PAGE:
What, then, did the Bush administration say about this relationship before the war? Which parts of that case, if any, have been invalidated by the intelligence gathered in the months following the conflict? What is this new "evidence," cited by Gore and others, that reveals the administration's arguments to have been embellished? Finally, what if any new evidence has emerged that bolsters the Bush administration's prewar case?
The answer to that last question is simple: lots. The CIA has confirmed, in interviews with detainees and informants it finds highly credible, that al Qaeda's Number 2, Ayman al-Zawahiri, met with Iraqi intelligence in Baghdad in 1992 and 1998. More disturbing, according to an administration official familiar with briefings the CIA has given President Bush, the Agency has "irrefutable evidence" that the Iraqi regime paid Zawahiri $300,000 in 1998, around the time his Islamic Jihad was merging with al Qaeda. "It's a lock," says this source. Other administration officials are a bit more circumspect, noting that the intelligence may have come from a single source. Still, four sources spread across the national security hierarchy have confirmed the payment.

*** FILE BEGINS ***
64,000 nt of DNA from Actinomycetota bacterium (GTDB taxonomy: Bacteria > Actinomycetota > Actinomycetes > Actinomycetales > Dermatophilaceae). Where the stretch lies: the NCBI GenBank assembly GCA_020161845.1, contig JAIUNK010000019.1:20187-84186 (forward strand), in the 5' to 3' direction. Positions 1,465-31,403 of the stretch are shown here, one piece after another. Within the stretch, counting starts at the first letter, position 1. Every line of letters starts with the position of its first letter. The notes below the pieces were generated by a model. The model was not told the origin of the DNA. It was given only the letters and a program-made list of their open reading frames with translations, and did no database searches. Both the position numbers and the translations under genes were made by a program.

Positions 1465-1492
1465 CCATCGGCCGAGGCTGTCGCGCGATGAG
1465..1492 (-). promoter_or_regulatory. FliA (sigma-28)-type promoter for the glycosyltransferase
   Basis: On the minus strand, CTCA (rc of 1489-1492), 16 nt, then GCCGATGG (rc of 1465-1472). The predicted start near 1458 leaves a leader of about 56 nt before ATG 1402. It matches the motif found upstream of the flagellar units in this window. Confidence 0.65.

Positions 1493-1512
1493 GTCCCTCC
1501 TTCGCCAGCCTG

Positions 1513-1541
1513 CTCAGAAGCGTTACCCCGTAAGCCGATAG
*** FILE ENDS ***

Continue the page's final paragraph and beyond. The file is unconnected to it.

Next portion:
In interviews conducted over the past six weeks with uniformed officers on the ground in Iraq, intelligence officials, and senior security strategists, several things became clear. Contrary to the claims of its critics, the Bush administration has consistently underplayed the connections between Saddam Hussein and al Qaeda. Evidence of these links existed before the war. In making its public case against the Iraq regime, the Bush administration used only a fraction of the intelligence it had accumulated documenting such collaboration. The intelligence has, in most cases, gotten stronger since the end of the war. And through interrogations of high-ranking Iraqi officials, documents from the regime, and further interrogation of al Qaeda detainees, a clearer picture of the links between Osama bin Laden and Saddam Hussein is emerging.